Elegant and efficient, the suspension bridge is your next DIY effort. Span the same small stream as in the previous project, but support the deck with suspension cables draped between two 5-foot-tall towers. Analyze the flow of forces through the structural system before designing each element. A 3D computer model helps you plan this impressive project.

 It may sound suspiciously like a lead balloon, but a concrete boat can be made to float. Your engineering challenge is to create a concrete sailboat that can operate safely in 10-mph winds. Hydrostatics comes into play in designing a hull with sufficient buoyancy, and aerodynamics enters the picture in designing a sail that doesn't cause too much heeling in the wind.

 Build your concrete sailboat. Consider the enhanced strength of a concrete shell that has been formed into a curved shape—a feature exploited in many buildings. Then apply basic aerodynamics and vector mechanics to determine how the wind propels a sailboat—sailing with the wind, into the wind, and at right angles to the wind. Try out these points of sail with your model.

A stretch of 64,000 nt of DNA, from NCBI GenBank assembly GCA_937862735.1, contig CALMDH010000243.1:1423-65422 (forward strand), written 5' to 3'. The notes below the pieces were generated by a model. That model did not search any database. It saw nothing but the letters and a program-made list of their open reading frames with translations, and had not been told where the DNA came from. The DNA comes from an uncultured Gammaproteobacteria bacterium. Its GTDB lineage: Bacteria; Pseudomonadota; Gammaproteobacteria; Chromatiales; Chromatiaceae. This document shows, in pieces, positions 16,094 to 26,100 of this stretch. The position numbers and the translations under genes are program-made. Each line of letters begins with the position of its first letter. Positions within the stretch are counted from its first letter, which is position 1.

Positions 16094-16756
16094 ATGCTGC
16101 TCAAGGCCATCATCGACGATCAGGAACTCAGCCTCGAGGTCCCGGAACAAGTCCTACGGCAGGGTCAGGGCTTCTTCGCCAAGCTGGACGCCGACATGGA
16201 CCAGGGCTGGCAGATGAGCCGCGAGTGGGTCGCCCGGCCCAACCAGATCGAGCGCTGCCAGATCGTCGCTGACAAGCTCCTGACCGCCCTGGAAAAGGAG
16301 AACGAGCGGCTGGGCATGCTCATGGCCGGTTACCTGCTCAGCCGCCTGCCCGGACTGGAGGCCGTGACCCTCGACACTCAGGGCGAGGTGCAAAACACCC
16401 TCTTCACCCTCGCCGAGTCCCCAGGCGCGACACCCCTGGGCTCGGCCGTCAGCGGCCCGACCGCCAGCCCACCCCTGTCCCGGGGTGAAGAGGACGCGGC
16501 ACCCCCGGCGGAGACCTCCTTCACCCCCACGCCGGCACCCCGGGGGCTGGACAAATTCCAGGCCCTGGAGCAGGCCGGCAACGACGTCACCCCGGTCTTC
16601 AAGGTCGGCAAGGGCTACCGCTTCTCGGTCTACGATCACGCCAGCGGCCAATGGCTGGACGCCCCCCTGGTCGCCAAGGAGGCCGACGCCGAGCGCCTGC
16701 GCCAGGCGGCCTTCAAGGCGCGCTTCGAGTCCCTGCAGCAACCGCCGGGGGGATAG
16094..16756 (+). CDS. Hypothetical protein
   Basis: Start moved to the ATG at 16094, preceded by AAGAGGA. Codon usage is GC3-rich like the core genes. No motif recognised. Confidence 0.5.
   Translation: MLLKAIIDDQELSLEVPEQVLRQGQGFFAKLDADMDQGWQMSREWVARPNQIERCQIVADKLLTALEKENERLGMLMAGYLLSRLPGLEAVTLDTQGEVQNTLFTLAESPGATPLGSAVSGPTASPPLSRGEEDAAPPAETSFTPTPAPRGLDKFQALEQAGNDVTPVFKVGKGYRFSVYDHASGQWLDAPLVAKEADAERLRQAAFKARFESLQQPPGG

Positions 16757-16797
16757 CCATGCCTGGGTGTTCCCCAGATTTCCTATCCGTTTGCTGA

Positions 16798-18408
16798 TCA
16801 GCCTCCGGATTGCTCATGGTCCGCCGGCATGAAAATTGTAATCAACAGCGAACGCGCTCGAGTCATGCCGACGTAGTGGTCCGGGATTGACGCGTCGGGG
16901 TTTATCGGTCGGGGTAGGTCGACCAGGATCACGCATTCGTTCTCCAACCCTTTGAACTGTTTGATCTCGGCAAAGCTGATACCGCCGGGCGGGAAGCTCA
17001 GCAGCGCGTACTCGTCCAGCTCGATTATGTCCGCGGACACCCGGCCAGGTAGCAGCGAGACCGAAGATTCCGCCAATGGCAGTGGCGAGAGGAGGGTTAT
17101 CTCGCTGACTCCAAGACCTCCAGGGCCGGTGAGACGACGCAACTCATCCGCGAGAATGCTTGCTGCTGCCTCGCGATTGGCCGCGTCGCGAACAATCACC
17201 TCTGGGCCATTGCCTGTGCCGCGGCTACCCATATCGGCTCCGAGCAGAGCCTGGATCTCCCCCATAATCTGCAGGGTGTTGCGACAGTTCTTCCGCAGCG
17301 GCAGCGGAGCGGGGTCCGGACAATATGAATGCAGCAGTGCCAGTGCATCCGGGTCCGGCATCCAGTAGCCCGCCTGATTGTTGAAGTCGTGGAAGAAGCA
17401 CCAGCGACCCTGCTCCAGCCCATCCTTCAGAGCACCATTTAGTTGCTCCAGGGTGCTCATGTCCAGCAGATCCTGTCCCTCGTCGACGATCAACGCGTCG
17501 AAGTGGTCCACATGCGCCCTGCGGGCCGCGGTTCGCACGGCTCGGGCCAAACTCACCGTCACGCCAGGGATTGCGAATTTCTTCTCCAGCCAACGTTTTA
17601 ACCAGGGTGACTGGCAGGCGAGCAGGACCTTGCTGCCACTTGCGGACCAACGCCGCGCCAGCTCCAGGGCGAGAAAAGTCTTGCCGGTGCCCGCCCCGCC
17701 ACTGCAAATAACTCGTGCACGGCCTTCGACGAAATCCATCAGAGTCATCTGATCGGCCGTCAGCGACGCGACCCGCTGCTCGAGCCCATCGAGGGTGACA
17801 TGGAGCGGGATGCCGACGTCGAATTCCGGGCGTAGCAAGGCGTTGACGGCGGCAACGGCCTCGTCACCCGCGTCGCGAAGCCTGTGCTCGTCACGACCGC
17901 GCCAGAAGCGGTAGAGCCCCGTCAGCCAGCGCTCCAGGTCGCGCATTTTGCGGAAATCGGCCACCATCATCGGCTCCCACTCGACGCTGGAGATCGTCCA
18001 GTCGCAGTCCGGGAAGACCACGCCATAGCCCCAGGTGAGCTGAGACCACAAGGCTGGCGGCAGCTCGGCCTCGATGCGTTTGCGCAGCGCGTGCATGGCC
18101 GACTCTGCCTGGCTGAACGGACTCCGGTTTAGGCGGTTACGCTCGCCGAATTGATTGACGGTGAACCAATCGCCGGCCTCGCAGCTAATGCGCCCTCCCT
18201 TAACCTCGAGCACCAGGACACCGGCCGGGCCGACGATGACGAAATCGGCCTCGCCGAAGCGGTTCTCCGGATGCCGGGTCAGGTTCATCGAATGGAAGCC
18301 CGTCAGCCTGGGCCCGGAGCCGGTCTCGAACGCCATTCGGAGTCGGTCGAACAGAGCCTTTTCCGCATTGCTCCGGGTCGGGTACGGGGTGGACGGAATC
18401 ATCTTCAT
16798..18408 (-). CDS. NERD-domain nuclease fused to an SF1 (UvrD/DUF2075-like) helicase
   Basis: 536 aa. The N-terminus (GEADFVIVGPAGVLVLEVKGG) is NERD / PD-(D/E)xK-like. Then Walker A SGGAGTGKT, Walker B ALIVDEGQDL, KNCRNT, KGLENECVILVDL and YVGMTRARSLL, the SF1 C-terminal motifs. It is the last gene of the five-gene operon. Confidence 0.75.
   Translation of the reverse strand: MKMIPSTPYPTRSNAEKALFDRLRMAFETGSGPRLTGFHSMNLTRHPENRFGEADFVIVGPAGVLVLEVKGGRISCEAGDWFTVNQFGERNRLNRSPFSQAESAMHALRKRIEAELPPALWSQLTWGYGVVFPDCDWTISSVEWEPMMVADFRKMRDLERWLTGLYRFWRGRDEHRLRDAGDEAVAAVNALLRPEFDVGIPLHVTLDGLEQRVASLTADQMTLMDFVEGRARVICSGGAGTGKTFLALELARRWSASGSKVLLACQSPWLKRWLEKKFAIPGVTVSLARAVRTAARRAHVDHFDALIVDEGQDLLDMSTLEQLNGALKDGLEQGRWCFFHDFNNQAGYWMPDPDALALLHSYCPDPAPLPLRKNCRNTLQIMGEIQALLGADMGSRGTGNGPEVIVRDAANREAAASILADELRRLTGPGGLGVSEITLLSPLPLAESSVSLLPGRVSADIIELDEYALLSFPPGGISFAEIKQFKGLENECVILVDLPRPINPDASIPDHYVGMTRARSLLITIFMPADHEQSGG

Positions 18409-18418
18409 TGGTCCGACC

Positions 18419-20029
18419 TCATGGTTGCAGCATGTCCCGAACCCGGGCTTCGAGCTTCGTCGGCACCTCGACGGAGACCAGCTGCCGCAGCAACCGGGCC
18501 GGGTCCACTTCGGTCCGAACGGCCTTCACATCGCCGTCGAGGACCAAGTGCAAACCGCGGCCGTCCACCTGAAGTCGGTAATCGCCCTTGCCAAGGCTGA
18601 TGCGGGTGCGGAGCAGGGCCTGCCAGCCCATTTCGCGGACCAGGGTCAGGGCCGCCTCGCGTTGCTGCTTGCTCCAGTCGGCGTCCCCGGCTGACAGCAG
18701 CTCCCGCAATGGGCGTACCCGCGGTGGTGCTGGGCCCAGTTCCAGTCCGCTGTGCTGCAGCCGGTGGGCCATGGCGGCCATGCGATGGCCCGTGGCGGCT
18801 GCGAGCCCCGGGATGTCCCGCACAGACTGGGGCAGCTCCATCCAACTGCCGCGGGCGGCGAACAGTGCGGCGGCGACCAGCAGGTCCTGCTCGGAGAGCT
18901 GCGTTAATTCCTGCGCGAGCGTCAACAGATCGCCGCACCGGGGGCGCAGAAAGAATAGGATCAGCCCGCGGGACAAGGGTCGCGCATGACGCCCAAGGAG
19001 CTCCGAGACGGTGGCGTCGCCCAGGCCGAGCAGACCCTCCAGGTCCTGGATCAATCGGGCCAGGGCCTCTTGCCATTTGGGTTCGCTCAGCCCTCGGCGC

Who has not tied a paper cup to a helium party balloon to make a primitive airship? In this lesson, design and build a far more advanced version: a radio-controlled blimp that you can remotely pilot around your house. Calculate the volume of helium required to lift your blimp and its control unit, borrowed from a toy tank. Use two motor-driven propellers for thrust and control.

 Start your project on fixed-wing flight the way the Wright brothers did: by building a wind tunnel. Use it to test different wing shapes at varying angles of attack, exploring the phenomena of lift, drag, and stalling. Your goal is to design a wing appropriate for a low-speed model plane, powered only by a few strands of rubber and flying without remote control.